(This article belongs to the Special Issue Dynamic Approaches to Metabolic Modeling and Metabolic Engineering)

Planned Papers

The below list represents only planned manuscripts. Some of these manuscripts have not been received by the Editorial Office yet. Papers submitted to MDPI journals are subject to peer-review.

Type of Paper: Article
Title: Unstructured Modeling of a Synthetic Microbial Consortium for Consolidated Production of Ethanol
Authors: Timothy J. Hanly and Michael A. Henson
Affiliation: Department of Chemical Engineering, University of Massachusetts, Amherst, MA 01003-3110, USA; E-Mail: henson@ecs.umass.edu
Abstract: The conversion of lignocellulosic biomass to liquid fuels such as ethanol is required for the commercialization of second generation biofuels. Reducing operating costs by combining the saccharification and fermentation steps of this process into one reactor has long been a goal of biofuels research. A defined mixed culture of specialized microbes that exploits the native capabilities of each member species is a promising alternative to use an omnipotent, engineered microbe. We explored such a synthetic consortium that couples the high cellulolytic activity of the filamentous fungus Trichoderma reesei with the ability of the yeasts Saccharomyces cerevisiae and Pichia stipitis to ferment hexose and pentose sugars to ethanol. Consortium stability was demonstrated by culturing the three microbes on a mixture of cellulose and xylan. As a first step towards understanding and manipulating this consortium, we developed a simple dynamic model with unstructured descriptions of enzyme synthesis, cellulose and hemicellulose degradation, sugar uptake, cell growth, and ethanol production. The batch culture model contained 10 ordinary differential equations with parameters obtained from the literature and experiment to the extent possible. The dynamic model was used to predict initial concentration of each cell type that maximized ethanol productivity subject to a constraint on the total inoculum concentration. The simulated ratio of cellulose to hemicellulose in the feedstock was varied to determine the effects on the optimal inoculum and ethanol productivity. A sensitivity analysis of model parameters identified several promising experimental targets for improvement of ethanol production through metabolic engineering.

Type of Paper: Review
Mathematical Modeling of Microbial Community Dynamics: Theory and Application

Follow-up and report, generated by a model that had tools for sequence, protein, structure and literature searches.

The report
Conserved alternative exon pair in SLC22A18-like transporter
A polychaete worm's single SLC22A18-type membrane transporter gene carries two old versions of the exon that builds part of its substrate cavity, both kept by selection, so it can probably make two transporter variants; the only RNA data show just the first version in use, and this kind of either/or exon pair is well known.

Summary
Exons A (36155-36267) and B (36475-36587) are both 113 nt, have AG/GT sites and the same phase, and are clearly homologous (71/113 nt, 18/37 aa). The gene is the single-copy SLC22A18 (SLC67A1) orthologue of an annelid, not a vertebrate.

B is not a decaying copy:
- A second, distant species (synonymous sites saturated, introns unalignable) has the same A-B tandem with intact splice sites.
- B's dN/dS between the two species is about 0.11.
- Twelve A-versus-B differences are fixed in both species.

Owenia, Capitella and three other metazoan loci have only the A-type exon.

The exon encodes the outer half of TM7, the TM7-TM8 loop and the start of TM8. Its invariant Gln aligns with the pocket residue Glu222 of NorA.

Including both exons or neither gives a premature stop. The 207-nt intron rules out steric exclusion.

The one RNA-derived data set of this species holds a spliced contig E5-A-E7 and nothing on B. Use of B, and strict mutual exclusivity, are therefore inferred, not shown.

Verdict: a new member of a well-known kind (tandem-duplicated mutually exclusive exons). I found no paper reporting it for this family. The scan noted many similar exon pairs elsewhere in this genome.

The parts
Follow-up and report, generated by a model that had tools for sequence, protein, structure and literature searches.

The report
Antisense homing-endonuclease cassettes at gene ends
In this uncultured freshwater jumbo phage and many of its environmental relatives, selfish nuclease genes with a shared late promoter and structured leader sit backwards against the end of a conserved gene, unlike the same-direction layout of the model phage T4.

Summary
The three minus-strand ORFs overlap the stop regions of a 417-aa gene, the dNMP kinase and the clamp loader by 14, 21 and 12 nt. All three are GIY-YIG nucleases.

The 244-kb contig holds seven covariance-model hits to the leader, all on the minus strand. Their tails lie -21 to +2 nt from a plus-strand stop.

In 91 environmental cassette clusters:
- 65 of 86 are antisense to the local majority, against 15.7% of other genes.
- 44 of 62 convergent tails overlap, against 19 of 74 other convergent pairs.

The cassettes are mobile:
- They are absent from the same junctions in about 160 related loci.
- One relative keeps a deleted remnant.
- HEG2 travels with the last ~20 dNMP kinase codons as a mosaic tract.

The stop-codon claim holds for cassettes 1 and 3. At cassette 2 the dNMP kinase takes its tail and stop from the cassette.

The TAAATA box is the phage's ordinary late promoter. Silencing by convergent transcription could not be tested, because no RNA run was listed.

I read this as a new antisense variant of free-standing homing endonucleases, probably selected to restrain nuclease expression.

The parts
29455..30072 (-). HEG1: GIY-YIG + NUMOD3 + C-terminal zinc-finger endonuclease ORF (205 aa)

Hyun-Seob Song, William R. Cannon, Alexander S. Beliaev, Allan E. Konopka
Biological Sciences Division, Pacific Northwest National Laboratory, 902 Battelle Boulevard, Richland, WA 99352, USA; E-mail: hyunseob.song@pnnl.gov
Microorganisms in nature form diverse communities that undergo dynamics in structure due both to the interactions between members and in response to external environmental changes. As a complex adaptive system, microbial communities exhibit properties that are uncaptured by characterizing individual microbes in isolation. Predictive mathematical models can be useful in understanding the dynamics of microbial communities. In this article, we give an overview of different potential modeling frameworks and particularly highlight multiscale approaches. We also briefly discuss how they have been applied in a wide range of settings. Therefore, this review may help to choose the most suitable framework that meets the key needs of modeling a microbial community.

Type of Paper: Article
Title: Dynamic Modeling of Metabolic Pathways in Microbial Degradation of Coal to Methane
Authors: Chris Micale, Aditya Srihari, Matt Wiatrowski, Nathaniel Grande, Juan-Lucio Vega and Prasad Dhurjati
Affiliation: University of Delaware
Abstract: We are currently working on using microorganisms as "microbial miners" to convert coal below ground to methane. Coal that is at depths that cannot be mined by humans represents more than 90% of the global fossil fuel energy reserves according to a US DOE estimate. Our objective is to use a consortium of microorganisms to convert the coal below ground to methane. This makes coal a "clean energy" source as many of the environmental impacts of burning coal above ground are eliminated below ground and one obtains methane as a much cleaner fuel. The research challenge is in understanding the elaborate metabolic processes involved in breaking coal down to methane. We have examined the microorganisms involved in the metabolic breakdown of coal and also built dynamic mathematical models of the metabolic alternatives. The manuscripts will present the results of these research activities at Delaware.